Cryptocurrencies have received some of the most significant fanfare of any innovation in recent history. One of the attractions of this invention is decentralization, the possibility of entirely trustless but highly advanced applications.
There’s been increasing dissatisfaction with the legacy financial infrastructure. Thanks to blockchain technology, cryptocurrencies are turning many traditionally centralized operations on their head.
Want an exchange using no order books, incentivizing users to provide liquidity and not ask you for your private data? We have DEXs (decentralized exchanges) for that. Want to borrow funds using your crypto holdings without any credit checks or filling in lengthy paperwork? We have decentralized lending services for that.
Arguably, we see the most innovation within the DeFi (decentralized finance) space. Developers have upped the ante with the addition of flash loans.
To the layman, it sounds outlandish; anyone can receive an instant unsecured loan that needs to be paid back immediately. Funny enough, flash loans achieve this very premise with, of course, some caveats.
So, let’s explore more about this unusual yet fascinating sphere of DeFi.
What is a flash loan?
As the name suggests, a flash loan is an innovative form of uncollateralized lending mechanism with instant settlement. Marble, the open-source, Ethereum-based bank, was the first to introduce flash loans in 2018.
Flash loans allow one to borrow instantly and effortlessly without providing any collateral (but with payable interest).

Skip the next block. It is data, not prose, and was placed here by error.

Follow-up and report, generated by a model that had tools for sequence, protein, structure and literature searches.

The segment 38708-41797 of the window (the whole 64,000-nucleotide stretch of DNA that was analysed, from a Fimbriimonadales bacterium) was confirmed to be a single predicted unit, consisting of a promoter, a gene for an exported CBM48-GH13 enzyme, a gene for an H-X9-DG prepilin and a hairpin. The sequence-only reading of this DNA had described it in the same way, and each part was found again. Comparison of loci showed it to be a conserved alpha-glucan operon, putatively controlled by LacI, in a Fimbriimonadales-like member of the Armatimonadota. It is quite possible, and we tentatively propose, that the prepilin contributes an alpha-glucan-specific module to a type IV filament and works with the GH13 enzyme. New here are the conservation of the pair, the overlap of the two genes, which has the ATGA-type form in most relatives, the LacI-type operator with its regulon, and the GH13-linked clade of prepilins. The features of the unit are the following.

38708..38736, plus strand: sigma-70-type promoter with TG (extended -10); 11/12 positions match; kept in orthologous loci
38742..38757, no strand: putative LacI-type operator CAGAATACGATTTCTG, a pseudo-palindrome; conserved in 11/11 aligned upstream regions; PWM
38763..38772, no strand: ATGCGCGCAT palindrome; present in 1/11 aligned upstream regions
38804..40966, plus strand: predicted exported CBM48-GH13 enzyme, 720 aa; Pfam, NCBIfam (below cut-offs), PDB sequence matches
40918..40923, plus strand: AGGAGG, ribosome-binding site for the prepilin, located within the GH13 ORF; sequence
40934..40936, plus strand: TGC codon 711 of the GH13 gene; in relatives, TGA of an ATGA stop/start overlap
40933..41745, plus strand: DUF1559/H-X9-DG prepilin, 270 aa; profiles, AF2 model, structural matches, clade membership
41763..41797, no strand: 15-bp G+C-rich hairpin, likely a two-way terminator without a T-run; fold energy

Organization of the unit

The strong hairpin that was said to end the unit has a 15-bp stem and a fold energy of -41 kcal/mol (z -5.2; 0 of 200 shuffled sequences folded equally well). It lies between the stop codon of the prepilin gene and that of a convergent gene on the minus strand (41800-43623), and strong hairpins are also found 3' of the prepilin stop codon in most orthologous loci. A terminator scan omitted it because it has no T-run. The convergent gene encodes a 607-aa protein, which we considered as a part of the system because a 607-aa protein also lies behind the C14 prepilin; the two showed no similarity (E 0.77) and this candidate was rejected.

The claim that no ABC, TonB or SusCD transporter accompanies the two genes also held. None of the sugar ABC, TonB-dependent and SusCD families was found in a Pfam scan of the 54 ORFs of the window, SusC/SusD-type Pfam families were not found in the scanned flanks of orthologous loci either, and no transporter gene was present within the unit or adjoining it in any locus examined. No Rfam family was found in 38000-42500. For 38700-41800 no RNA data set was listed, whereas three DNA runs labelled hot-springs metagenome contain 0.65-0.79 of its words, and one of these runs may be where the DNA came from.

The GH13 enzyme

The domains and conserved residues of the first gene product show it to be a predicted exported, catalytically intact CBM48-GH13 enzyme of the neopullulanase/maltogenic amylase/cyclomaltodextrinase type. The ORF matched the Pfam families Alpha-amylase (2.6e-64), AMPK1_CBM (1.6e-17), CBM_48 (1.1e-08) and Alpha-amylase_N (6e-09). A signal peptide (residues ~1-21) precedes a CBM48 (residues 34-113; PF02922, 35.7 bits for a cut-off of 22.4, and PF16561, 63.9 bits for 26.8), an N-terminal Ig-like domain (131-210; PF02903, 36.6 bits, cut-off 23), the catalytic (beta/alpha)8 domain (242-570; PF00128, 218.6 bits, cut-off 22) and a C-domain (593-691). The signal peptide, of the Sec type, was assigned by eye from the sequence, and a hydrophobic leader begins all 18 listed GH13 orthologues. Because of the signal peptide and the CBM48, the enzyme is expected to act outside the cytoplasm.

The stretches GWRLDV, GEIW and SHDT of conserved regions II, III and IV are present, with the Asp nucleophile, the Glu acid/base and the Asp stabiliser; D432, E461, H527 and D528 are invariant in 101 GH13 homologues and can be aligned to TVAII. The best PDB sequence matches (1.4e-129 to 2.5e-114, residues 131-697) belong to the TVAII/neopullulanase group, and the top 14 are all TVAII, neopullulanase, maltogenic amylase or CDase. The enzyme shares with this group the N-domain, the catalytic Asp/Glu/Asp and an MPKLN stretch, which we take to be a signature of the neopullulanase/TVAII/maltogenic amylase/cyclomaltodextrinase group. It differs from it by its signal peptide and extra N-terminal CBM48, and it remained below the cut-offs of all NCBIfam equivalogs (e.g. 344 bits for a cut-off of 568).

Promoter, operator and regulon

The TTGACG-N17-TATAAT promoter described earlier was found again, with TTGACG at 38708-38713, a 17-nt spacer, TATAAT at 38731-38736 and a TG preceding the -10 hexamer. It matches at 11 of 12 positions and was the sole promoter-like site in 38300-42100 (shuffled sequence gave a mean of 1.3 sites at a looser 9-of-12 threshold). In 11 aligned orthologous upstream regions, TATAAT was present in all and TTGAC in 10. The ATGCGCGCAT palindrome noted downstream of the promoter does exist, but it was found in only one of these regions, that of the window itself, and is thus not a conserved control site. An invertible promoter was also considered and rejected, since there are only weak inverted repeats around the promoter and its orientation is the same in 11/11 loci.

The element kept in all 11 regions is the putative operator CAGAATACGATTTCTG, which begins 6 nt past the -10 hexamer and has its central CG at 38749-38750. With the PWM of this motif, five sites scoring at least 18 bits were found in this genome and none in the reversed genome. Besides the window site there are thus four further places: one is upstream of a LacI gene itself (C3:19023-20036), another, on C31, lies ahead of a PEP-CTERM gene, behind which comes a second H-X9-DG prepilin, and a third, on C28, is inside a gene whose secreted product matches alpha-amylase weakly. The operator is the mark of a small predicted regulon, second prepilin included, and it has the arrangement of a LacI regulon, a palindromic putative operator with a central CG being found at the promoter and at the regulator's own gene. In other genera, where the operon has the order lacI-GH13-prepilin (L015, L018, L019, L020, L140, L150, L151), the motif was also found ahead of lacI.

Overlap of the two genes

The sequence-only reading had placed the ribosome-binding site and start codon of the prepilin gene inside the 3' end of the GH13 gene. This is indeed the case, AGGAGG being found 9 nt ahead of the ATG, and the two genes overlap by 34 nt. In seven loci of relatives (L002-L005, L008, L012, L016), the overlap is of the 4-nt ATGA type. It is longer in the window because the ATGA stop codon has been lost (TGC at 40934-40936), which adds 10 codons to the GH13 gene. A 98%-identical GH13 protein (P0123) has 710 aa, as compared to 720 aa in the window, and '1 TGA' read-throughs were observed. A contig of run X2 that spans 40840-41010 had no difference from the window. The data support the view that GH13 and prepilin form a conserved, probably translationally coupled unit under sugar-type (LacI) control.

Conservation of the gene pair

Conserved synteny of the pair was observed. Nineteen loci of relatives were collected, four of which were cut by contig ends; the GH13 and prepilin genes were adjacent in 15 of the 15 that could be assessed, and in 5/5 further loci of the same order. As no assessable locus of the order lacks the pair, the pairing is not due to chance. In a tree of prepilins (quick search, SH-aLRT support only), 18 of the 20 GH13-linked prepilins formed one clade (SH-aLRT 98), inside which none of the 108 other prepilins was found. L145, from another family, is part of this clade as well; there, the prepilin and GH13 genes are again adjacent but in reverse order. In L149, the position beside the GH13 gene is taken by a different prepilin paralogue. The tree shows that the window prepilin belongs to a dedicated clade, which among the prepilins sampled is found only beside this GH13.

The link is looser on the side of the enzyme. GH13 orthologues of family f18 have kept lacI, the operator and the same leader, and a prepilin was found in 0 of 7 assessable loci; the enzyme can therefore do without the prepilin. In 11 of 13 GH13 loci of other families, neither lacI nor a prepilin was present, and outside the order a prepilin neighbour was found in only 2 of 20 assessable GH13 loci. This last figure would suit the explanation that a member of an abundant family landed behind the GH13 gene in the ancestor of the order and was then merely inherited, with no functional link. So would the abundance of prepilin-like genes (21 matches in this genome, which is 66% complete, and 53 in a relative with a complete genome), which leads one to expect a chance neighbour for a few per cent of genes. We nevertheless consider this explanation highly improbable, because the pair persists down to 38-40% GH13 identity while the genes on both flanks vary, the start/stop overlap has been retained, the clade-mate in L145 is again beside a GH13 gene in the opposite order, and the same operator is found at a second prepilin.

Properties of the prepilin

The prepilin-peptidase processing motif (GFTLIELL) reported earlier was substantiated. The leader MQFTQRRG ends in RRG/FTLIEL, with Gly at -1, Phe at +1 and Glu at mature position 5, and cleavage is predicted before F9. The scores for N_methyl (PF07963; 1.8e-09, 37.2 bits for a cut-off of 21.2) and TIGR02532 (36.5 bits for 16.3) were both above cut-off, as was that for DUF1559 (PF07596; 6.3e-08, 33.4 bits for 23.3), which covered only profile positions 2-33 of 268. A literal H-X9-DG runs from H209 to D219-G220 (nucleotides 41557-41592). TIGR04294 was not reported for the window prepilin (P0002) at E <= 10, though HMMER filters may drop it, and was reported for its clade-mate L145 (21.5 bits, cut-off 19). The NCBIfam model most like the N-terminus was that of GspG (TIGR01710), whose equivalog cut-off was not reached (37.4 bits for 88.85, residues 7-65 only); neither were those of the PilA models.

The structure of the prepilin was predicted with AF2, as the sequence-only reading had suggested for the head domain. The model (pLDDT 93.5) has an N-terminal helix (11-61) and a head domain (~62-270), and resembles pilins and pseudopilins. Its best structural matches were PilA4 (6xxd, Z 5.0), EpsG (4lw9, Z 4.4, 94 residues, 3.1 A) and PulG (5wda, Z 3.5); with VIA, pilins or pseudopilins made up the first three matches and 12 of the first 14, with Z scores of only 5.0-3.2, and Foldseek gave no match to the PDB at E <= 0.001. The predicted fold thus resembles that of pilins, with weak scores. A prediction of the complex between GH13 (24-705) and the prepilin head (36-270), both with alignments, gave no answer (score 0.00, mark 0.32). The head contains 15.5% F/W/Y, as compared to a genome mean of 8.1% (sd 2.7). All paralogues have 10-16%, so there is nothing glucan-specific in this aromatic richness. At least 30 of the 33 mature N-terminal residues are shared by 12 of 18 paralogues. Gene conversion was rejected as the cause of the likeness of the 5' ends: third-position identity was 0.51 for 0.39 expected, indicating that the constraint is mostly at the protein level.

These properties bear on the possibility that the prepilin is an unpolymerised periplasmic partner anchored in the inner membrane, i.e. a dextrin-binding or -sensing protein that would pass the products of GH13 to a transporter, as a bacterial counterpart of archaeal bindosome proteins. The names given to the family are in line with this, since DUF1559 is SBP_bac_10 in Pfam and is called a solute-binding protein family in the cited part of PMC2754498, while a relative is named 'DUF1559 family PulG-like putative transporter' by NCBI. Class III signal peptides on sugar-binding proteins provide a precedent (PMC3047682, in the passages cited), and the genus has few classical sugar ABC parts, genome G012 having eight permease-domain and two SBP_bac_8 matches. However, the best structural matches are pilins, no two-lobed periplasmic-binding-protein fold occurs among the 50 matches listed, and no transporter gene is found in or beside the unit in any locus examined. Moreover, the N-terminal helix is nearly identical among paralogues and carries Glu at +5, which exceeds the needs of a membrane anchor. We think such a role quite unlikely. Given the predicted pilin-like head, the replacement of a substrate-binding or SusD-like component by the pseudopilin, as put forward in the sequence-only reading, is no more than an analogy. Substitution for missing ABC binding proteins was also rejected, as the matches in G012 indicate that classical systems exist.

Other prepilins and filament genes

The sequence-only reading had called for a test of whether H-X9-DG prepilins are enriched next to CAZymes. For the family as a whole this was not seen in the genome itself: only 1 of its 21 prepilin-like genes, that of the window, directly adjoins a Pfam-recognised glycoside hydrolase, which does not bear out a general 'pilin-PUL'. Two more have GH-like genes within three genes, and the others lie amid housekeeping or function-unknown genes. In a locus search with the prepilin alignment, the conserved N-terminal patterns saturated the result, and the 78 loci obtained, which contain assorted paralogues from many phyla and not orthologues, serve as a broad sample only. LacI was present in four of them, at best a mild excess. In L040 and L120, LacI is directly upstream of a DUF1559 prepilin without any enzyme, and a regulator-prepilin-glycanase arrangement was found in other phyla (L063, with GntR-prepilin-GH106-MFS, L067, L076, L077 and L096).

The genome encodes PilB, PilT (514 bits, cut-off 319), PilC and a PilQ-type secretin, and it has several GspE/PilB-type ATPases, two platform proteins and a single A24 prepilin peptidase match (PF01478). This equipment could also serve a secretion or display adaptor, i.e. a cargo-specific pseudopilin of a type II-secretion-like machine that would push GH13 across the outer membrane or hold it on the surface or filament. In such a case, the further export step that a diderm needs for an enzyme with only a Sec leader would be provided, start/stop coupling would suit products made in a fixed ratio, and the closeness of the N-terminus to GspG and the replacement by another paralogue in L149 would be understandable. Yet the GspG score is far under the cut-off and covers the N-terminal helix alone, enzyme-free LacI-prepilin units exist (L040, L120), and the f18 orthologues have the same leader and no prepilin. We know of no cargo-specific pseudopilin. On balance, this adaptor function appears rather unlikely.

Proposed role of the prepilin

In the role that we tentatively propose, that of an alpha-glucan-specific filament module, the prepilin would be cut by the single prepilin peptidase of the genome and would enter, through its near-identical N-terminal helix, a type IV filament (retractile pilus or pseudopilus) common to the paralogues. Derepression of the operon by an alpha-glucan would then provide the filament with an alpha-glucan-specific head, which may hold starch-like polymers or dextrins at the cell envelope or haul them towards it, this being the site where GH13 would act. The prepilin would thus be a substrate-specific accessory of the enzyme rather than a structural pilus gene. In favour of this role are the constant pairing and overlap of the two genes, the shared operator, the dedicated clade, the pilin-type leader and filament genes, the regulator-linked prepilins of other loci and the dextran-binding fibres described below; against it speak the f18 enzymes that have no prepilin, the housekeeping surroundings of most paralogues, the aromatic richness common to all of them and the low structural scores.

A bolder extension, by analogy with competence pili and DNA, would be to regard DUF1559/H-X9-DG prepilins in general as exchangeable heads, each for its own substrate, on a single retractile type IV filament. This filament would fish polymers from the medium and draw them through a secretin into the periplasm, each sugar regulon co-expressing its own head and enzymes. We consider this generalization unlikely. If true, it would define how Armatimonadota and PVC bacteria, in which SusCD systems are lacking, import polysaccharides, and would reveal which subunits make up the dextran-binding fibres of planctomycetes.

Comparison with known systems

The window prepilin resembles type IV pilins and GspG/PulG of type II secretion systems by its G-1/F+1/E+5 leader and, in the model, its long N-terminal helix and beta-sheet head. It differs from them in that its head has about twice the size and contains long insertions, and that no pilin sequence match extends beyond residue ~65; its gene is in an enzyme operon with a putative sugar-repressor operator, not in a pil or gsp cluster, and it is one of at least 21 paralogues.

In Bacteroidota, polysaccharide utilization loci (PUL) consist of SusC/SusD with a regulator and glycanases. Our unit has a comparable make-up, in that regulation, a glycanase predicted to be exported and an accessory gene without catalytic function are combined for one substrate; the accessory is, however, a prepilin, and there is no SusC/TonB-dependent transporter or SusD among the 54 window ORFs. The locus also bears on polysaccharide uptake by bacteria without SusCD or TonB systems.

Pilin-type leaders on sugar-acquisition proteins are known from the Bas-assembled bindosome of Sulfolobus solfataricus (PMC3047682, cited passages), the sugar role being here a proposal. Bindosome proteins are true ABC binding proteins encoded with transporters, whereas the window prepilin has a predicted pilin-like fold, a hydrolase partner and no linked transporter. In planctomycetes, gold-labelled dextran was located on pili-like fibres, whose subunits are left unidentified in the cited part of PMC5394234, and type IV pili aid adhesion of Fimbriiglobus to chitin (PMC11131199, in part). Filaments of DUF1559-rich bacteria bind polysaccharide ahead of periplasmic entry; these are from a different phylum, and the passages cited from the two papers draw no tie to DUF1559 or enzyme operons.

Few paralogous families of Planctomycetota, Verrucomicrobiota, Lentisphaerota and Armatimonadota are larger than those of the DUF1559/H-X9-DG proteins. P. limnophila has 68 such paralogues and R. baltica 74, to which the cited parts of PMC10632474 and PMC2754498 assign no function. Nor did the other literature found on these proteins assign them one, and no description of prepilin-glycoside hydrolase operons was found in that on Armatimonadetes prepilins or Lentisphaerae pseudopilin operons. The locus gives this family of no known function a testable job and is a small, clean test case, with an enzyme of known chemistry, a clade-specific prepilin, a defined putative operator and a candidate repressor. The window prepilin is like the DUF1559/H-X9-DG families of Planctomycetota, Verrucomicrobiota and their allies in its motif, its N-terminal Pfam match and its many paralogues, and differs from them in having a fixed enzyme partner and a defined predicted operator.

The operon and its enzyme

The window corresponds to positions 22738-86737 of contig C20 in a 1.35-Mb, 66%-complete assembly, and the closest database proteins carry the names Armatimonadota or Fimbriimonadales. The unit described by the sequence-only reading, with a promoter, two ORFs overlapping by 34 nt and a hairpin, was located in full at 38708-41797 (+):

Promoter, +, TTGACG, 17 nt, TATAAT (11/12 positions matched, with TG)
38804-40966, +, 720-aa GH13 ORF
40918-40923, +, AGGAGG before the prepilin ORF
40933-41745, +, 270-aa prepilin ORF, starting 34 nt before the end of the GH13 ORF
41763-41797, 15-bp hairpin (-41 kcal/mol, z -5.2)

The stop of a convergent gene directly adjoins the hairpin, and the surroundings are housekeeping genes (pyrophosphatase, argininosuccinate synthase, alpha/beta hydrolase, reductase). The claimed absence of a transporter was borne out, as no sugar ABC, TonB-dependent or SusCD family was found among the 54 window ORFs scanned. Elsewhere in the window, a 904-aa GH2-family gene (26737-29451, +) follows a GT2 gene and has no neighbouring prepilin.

In the world of credit, a loan is typically secured or unsecured. Most traditional lending is unsecured, though the funding financial institution provides rigorous creditworthiness and personal checks to assess your likelihood to default.
Of course, a secured loan is less risky from the lender’s perspective since they take possession of a valuable asset which they can sell later should the borrower fail to repay.
Fortunately, flash loans fall in the former bracket, but with a catch: you must return the loan within the same transaction.
How do flash loans work?
Flash loans work primarily on the Ethereum network or platforms using Ethereum-based tokens. They utilize smart contracts on the blockchain offered by Aave, Maker, Compound, and many other platforms.
The smart contract is just pieces of code executing an operation once certain conditions have been fulfilled. A flash loan consists of three parts, receiving the credit, utilizing the credit, and repaying the loan.
Presently, you pay a 0.09% fee for this facility. Most may be confused about how all this activity occurs ‘within a flash’ where users are supposed to repay the loan within the time it takes for Ethereum to form a new block (around 15 seconds).
This structure boils down to the blockchain’s atomicity or, put simply, its ability to execute the entire transaction or no part of it. So, if you fail to pay back, the deal is reversed, and the funds are returned to the lending platform.
Amazingly, smart contract technology effectively doesn’t move the funds until they’ve been paid back. It is the primary reason why flash loans don’t require any collateral. As we can tell, flash loans are unconventional and not meant for long-term, off-chain activities as with traditional lending.
The main purposes of flash loans
The most prevalent use for flash loans is arbitrage, though we’ll also briefly cover the other common use cases.